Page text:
Parameters:

image_shape : tuple

The number of rows and columns of the image to generate.

max_shapes : int

The maximum number of shapes to (attempt to) fit into the shape.

min_shapes : int, optional

The minimum number of shapes to (attempt to) fit into the shape.

min_size : int, optional

The minimum dimension of each shape to fit into the image.

max_size : int, optional

The maximum dimension of each shape to fit into the image.

gray : bool, optional

If True, generate monochrome images, else color images with multiple channels.

shape : {rectangle, circle, triangle, None} str, optional

The name of the shape to generate or None to pick random ones.

min_pixel_intensity : [0-255] int, optional

The minimum pixel value for colors.

allow_overlap : bool, optional

If True, allow shapes to overlap.

num_trials : int, optional

How often to attempt to fit a shape into the image before skipping it.

seed : int, optional

Seed to initialize the random number generator. If None, a random seed from the operating system is used.

Returns:

image : uint8 array

An image with the fitted shapes.

labels : list

A list of labels, one per shape in the image. Each label is a (category, ((r0, r1), (c0, c1))) tuple specifying the category and bounding box coordinates of the shape.

Examples

>>> import skimage.draw
>>> image, labels = skimage.draw.random_shapes((32, 32), max_shapes=3)
>>> image 
array([
   [[255, 255, 255],
    [255, 255, 255],
    [255, 255, 255],
    ...,
    [255, 255, 255],
    [255, 255, 255],
    [255, 255, 255]]], dtype=uint8)
>>> labels 
[('circle', ((22, 18), (25, 21))),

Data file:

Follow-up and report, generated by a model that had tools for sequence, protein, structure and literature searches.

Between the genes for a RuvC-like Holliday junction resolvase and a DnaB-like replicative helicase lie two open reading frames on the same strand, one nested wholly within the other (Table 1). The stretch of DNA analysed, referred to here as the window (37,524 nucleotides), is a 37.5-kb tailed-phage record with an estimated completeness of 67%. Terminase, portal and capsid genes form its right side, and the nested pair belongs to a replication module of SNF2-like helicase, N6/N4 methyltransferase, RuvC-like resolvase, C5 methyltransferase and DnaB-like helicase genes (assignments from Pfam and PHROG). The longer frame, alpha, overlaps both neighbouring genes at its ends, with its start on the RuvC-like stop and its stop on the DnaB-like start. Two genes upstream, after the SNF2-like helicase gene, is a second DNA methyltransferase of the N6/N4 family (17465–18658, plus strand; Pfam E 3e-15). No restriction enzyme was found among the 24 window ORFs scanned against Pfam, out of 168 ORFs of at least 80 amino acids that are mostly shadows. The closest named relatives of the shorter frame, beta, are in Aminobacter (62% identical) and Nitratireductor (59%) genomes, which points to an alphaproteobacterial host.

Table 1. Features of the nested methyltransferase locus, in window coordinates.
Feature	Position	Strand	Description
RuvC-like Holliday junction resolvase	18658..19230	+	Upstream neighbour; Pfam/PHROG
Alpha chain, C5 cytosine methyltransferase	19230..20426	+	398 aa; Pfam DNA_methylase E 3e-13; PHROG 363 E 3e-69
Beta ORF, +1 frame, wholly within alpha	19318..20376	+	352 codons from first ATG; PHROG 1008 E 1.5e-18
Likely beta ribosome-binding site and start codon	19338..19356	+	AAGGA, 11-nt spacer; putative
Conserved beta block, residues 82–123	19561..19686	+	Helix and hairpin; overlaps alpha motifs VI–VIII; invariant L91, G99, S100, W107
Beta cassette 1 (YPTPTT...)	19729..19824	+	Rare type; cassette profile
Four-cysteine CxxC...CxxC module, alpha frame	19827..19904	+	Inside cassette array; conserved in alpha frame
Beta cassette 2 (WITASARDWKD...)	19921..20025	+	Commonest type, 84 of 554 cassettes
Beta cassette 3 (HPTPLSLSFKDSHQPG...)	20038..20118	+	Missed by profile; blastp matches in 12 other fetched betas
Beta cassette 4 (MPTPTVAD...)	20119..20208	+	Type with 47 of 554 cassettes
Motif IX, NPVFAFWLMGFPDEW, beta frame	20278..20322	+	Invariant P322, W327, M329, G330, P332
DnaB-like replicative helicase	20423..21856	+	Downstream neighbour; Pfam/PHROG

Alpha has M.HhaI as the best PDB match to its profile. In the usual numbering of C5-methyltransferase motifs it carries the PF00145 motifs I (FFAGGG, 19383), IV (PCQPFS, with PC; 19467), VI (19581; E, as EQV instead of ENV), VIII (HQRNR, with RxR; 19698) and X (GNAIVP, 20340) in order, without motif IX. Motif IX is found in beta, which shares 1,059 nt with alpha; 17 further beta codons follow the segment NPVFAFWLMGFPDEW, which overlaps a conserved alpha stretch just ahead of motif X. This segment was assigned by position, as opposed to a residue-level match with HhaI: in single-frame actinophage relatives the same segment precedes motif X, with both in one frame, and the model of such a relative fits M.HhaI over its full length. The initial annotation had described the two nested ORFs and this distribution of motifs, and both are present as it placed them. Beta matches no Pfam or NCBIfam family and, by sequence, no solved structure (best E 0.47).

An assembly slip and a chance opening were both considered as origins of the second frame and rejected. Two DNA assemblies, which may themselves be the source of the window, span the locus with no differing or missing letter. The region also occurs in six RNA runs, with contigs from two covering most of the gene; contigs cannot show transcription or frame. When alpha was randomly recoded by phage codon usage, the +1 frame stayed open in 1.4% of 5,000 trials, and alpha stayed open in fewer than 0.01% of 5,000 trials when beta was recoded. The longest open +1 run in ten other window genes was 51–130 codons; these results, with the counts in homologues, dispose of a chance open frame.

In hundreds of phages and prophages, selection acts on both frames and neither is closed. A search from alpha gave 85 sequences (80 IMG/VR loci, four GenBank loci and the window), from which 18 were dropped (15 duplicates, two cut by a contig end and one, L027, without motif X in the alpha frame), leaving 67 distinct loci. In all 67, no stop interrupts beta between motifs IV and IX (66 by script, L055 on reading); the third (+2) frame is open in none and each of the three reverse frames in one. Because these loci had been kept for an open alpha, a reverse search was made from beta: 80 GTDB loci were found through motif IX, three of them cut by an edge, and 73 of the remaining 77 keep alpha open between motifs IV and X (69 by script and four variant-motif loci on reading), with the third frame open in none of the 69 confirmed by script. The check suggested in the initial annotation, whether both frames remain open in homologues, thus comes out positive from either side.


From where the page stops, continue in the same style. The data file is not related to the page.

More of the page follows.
('triangle', ((5, 6), (13, 13)))]

rectangle

skimage.draw.rectangle(start, end=None, extent=None, shape=None)[source]

Generate coordinates of pixels within a rectangle.

Parameters:

start : tuple

Origin point of the rectangle, e.g., ([plane,] row, column).

end : tuple

End point of the rectangle ([plane,] row, column). Either end or extent must be specified.

extent : tuple

The extent (size) of the drawn rectangle. E.g., ([num_planes,] num_rows, num_cols). Either end or extent must be specified.

shape : tuple, optional

Image shape used to determine the maximum bounds of the output coordinates. This is useful for clipping rectangles that exceed the image size. By default, no clipping is done.

Returns:

coords : array of int, shape (Ndim, Npoints)

The coordinates of all pixels in the rectangle.

Notes

This function can be applied to N-dimensional images, by passing start and end or extent as tuples of length N.

Examples

>>> import numpy as np
>>> from skimage.draw import rectangle
>>> img = np.zeros((5, 5), dtype=np.uint8)
>>> start = (1, 1)
>>> extent = (3, 3)
>>> rr, cc = rectangle(start, extent=extent, shape=img.shape)
>>> img[rr, cc] = 1
>>> img
array([[0, 0, 0, 0, 0],
       [0, 1, 1, 1, 0],
       [0, 1, 1, 1, 0],
       [0, 1, 1, 1, 0],
       [0, 0, 0, 0, 0]], dtype=uint8)
>>> img = np.zeros((5, 5), dtype=np.uint8)
>>> start = (0, 1)
>>> end = (3, 3)
>>> rr, cc = rectangle(start, end=end, shape=img.shape)
>>> img[rr, cc] = 1
>>> img
array([[0, 1, 1, 1, 0],
       [0, 1, 1, 1, 0],
       [0, 1, 1, 1, 0],
       [0, 1, 1, 1, 0],
       [0, 0, 0, 0, 0]], dtype=uint8)